[00133] Following the attachment of the label, a wash cycle may be performed to remove any unattached labels. A detector may then be used to detect a signal indicative of the nucleotide analog (and, thus, its incorporation) (e.g., fluorescence) of the label. In this example, the label Cy5-azide is a detectable label. The level of fluorescence detected corresponds to the number of nucleotide analogs incorporated in to the growing nucleic acid strand. For example in this example, fluorescence due to the incorporation of a ethynyl dUTP and the attached Cy5- azide dye may be used to detect that a nucleotide analog was incorporated in to the growing nucleic acid strand. Higher order signals can indicate the presence of a homopolymer.

[00134] The sequencing reaction may then include removing the labeled functional group from the nucleotide analog as shown in FIG. 8 (panel C). This may be achieved by subjecting the labeled functional group to conditions sufficient to convert the labeled functional group to a moiety that is substantially unreactive with the labeling reagent. In this example, this may involve reaction of the labeled functional group with a reducing agent, THP. The labeled function group from the nucleotide analog may be substantially unreactive with the labeling reagent prior to such reaction with the reducing agent.

[00135] In this example, the reaction of the growing nucleic acid with a reducing agent can cleave the label attached to the nucleotide analog. A part of the linker may be left on the nucleotide analog. This cleavage may lead to the conversion of the incorporated nucleotide analog into a nucleotide analog that may be substantially unreactive with the labeling reagent. The incorporated nucleotide analog may be substantially unreactive with the labeling reagent prior to such cleavage.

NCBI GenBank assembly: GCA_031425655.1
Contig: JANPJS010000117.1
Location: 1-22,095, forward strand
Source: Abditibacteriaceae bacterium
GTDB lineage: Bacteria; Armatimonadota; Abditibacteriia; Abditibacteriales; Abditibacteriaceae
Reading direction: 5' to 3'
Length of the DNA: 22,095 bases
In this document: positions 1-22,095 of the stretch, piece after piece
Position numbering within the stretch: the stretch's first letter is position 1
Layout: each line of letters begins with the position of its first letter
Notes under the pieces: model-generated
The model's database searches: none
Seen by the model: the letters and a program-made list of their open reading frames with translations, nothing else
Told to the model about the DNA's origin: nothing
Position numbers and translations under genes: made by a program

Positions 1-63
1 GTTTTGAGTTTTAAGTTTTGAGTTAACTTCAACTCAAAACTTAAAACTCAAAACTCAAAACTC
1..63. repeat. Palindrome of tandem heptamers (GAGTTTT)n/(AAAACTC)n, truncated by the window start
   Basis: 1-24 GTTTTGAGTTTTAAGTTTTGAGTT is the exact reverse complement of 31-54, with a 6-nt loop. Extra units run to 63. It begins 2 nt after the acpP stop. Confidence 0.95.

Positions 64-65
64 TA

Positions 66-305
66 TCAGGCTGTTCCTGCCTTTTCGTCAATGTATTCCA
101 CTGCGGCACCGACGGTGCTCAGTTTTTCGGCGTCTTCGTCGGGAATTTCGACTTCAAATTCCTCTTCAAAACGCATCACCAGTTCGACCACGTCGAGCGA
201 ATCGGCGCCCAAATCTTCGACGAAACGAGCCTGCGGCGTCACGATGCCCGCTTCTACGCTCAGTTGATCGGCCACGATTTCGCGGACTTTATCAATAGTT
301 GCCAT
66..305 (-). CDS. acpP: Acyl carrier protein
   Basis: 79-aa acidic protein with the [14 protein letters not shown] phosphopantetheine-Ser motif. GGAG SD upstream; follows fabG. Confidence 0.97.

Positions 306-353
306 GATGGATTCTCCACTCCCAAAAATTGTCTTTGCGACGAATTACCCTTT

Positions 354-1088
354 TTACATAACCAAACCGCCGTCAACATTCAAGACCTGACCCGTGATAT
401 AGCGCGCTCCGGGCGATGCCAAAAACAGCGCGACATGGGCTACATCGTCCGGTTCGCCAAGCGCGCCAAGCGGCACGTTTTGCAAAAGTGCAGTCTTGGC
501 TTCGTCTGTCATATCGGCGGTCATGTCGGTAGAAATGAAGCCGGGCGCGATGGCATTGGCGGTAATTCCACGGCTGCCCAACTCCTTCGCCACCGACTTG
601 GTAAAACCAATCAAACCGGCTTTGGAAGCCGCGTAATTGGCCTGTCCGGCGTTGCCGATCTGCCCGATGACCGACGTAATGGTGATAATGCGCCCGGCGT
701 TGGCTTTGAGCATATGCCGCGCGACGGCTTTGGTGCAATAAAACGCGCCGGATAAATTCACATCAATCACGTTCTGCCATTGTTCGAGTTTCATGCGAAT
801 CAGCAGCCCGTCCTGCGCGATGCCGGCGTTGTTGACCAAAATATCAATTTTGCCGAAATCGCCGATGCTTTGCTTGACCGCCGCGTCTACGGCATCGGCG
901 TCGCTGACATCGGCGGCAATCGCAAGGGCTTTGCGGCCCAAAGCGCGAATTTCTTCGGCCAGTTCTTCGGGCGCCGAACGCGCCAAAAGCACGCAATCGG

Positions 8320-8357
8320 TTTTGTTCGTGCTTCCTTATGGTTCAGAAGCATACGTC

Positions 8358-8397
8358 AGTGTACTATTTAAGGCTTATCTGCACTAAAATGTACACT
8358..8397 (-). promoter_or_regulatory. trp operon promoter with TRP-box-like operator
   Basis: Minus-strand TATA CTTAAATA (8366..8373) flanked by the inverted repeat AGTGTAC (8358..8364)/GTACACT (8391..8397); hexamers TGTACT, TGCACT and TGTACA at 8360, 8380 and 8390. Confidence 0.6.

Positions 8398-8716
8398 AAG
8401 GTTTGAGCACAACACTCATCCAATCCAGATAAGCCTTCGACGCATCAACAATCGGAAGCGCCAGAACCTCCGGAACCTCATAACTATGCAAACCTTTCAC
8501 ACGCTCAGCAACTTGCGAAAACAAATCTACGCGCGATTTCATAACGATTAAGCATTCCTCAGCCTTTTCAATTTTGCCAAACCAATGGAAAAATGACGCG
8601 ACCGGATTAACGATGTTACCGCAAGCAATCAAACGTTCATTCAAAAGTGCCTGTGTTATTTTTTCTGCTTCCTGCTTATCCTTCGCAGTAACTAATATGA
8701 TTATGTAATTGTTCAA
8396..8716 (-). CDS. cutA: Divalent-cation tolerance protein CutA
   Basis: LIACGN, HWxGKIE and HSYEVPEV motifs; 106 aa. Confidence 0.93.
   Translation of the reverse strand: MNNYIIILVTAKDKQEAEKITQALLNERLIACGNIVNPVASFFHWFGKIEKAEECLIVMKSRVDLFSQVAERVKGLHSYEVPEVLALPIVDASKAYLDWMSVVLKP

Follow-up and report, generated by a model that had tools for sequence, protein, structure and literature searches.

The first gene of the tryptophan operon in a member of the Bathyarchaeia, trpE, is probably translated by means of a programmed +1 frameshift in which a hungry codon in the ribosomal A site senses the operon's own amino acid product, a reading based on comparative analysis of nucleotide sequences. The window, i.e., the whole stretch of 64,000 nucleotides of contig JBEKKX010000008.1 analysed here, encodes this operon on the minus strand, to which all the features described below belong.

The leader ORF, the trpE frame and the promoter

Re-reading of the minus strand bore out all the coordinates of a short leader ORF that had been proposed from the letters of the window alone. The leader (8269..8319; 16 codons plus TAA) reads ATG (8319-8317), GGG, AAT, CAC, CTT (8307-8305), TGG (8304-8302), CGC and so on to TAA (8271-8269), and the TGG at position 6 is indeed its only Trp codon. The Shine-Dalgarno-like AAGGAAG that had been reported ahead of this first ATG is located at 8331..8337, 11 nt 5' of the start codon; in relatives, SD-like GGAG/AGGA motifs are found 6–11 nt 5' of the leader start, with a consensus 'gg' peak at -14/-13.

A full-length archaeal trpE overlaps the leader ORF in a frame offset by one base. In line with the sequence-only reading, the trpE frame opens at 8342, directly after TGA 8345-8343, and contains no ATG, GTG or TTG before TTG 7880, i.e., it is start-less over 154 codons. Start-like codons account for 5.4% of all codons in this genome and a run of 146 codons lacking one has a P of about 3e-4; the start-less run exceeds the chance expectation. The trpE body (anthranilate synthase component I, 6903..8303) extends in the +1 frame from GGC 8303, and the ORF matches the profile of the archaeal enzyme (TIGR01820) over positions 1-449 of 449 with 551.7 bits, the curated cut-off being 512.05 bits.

[00136] These reactions may then be repeated for other nucleotide analogs. For instance, these reactions may be repeated with a mixture of 7-ethynyl-7-deaza-dATP and 7-(l- propynyl)-7-deaza-dATP in the primer extension reaction. The incorporated propynyl containing nucleotides may be unreactive to the fluorescence reagent Cy5-azide. With the new primer extension reaction, 7-ethynyl-7-deaza-dATP(s) may be incorporated in to the growing nucleic acid strand, reacted with Cy-5-azide, and detection of fluorescence may be used to detect the sequence of the template nucleic acid. These reactions may then be repeated using 5-ethynyl- dCTPs with 5-(l-propynyl)-dCTP, followed by 7-ethynyl-7-deaza-dGTPs with 7-(l-propynyl)- 7-dGTP, or repeating the 4 different ethynyl/propynyl dNTPs ( ethynyl/propynyl dATPs, ethynyl/propynyl dUTPs, ethynyl/propynyl dCTPs, ethynyl/propynyl dGTPs) until at least a part of the template nucleic acid is sequenced.

[00137] In yet another example, a sequencing method with fluorescence detection may be used to detect the sequence of a template nucleic acid in a series of primer extension reactions with nucleotide analogs. The template nucleic acid may be immobilized on a support, such as on an example support described elsewhere herein. For instance, the support may be a magnetic bead. The template nucleic acid may be able to attach to the immobilized support molecule using adaptors.

[00138] Regardless of coupling to a support, the template nucleic acid molecule may be contacted with a primer capable of hybridizing to the template nucleic acid. The reaction mixture may also contain nucleotide analogs and a polymerizing enzyme, such as a polymerase. In some cases, the reaction mixture comprises only one type of nucleotide analog.